When you change the paradigm of solar PV and wind electricity as part of the grid, into solar and wind as part of an energy farm, with direct output into H2, and only a part of it into the grid, then you will be able to appreciate the role of FCV.
Not just FCV, but also home and business-based FC for local power and heat production as backup for intermittently-available solar and wind electricity! Distributed generation via FC along with the use of heat pump can double the energy efficiency, in comparison to the use of grid electricity and direct home NG or H2 for combustion heating.

Now, BEV in the winter will likely be charged from the energy stored in other seasons in the form of H2. In the winter, BEV will not be as efficient as FCV that can use the H2 directly and use the waste heat from the FC for cabin heating and windshield defrosting.

Now, back to the present, today's BEV will most likely be charged from baseload coal plants at night, while FCV will use H2 made from NG. Which vehicle emits more CO2?


That's a false dichotomy in the USA, Roger.  Coal is being forcibly phased out in favor of gas-fired generation anyway.  It's also relatively simple to gasify coal (or petcoke) and extract H2 from the syngas.  One plant like the re-powered Wabash River IGCC unit could give you a lot of coal-fired FCEVs.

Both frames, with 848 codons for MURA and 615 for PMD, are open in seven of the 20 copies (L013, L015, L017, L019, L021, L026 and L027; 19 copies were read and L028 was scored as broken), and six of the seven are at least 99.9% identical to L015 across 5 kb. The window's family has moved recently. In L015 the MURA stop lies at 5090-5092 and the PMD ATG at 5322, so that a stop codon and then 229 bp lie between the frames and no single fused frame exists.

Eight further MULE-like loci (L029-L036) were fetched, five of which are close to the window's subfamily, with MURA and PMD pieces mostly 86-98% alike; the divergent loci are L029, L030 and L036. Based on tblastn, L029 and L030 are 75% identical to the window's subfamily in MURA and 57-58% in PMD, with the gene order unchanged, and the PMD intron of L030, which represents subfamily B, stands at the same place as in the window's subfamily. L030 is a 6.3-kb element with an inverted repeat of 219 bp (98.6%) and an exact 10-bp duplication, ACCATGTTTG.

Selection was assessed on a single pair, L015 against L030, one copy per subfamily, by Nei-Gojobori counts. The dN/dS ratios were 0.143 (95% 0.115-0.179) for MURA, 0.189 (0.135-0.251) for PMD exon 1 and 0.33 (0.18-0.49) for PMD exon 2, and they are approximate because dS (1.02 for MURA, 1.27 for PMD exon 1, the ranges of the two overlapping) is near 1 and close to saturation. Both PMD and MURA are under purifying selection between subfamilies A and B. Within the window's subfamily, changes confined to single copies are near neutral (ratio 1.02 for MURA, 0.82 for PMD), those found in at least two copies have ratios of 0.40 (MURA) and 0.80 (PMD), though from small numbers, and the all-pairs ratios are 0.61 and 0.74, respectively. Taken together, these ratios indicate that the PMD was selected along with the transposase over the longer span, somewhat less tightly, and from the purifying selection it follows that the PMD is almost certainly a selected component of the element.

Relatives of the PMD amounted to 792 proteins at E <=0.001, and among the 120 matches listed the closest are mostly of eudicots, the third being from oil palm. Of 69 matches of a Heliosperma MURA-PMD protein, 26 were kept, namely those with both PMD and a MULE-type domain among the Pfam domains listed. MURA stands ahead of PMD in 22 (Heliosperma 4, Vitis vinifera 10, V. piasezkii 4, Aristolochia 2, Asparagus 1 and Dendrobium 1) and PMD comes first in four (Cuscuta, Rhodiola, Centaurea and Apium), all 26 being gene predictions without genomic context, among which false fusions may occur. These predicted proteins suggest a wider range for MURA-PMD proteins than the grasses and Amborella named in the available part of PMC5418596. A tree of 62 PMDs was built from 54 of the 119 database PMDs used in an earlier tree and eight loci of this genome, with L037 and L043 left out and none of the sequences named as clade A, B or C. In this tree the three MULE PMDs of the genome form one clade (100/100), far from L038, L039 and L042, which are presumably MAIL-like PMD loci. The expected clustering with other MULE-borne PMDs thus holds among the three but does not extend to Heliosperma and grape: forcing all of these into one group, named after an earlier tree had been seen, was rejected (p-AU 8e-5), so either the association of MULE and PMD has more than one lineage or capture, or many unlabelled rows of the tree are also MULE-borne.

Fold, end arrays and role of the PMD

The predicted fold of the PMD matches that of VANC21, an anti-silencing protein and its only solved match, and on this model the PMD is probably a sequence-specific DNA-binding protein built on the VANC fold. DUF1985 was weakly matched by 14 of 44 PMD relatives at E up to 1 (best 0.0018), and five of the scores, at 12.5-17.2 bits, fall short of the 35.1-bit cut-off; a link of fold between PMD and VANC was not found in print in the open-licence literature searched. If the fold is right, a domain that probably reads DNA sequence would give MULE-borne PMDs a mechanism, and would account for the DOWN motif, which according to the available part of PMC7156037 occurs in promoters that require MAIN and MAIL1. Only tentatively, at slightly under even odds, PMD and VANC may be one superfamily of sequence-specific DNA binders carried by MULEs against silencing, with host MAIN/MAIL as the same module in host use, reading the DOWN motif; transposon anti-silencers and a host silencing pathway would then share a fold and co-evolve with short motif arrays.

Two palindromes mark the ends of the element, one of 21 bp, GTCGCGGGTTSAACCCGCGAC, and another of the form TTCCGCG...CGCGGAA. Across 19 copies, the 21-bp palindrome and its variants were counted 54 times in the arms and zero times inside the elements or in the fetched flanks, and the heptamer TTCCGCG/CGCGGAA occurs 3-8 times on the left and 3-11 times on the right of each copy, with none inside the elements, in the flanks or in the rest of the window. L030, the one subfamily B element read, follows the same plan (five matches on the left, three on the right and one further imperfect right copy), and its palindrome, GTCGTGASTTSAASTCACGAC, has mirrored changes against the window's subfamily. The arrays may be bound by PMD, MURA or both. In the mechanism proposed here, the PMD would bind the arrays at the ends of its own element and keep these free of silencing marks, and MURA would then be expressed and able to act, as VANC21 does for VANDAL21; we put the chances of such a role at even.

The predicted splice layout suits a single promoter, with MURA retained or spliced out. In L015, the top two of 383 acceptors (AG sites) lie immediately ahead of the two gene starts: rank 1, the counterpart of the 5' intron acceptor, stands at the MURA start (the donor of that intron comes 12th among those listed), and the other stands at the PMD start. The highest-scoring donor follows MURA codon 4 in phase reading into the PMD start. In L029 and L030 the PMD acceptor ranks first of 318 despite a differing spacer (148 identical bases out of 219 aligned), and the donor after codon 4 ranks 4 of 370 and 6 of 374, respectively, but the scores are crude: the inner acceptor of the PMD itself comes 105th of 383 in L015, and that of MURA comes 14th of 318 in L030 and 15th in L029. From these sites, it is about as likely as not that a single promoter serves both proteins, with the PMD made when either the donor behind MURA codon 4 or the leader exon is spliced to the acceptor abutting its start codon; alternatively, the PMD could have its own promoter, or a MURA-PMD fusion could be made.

The BEV comes "omnivorous", able to use carbon-free electricity supplies as well as any other.  Doing this in an FCEV requires a lot of infrastructure.  My wager is on the BEV.


Methanol can be made from biomass. Corn stalks can be gasified and synthesized into methanol, ethanol, gasoline, diesel or jet fuel. I have been showing this for years, you would all rather talk about valve timing.


Yes, SJC, all of that can be done.  But even if you could get the 1.3 billion tons of biomass speculated in "The Billion-Ton Vision" (~520 million tons carbon), the report says that only a fraction of today's gasoline consumption could be replaced.  That leaves nothing for diesel, jet, heating oil, etc.


BEVs, even with current USA's electricity sources mix, could provide the cleanest most efficient vehicles. However, the limited range, slow recharges and high battery cost issues may not be solved before 2020+.

FCEVs would not have the same limited range as BEVs and could be refueled much faster, in about 3 minutes. However, low cost distributed hydrogen is an issue to be solved.

FCEVs total efficiency will always be about 20% to 30% lower than total BEVs efficiency but still better than most ICEVs.


Since this is suppose to be about "sustainable mobility" I would say fuel you grow is sustainable. Solar panels and EVs can be but we won't even have 1%of the cars EVs in 10 years, we will still have 200 million vehicles that run on fuel.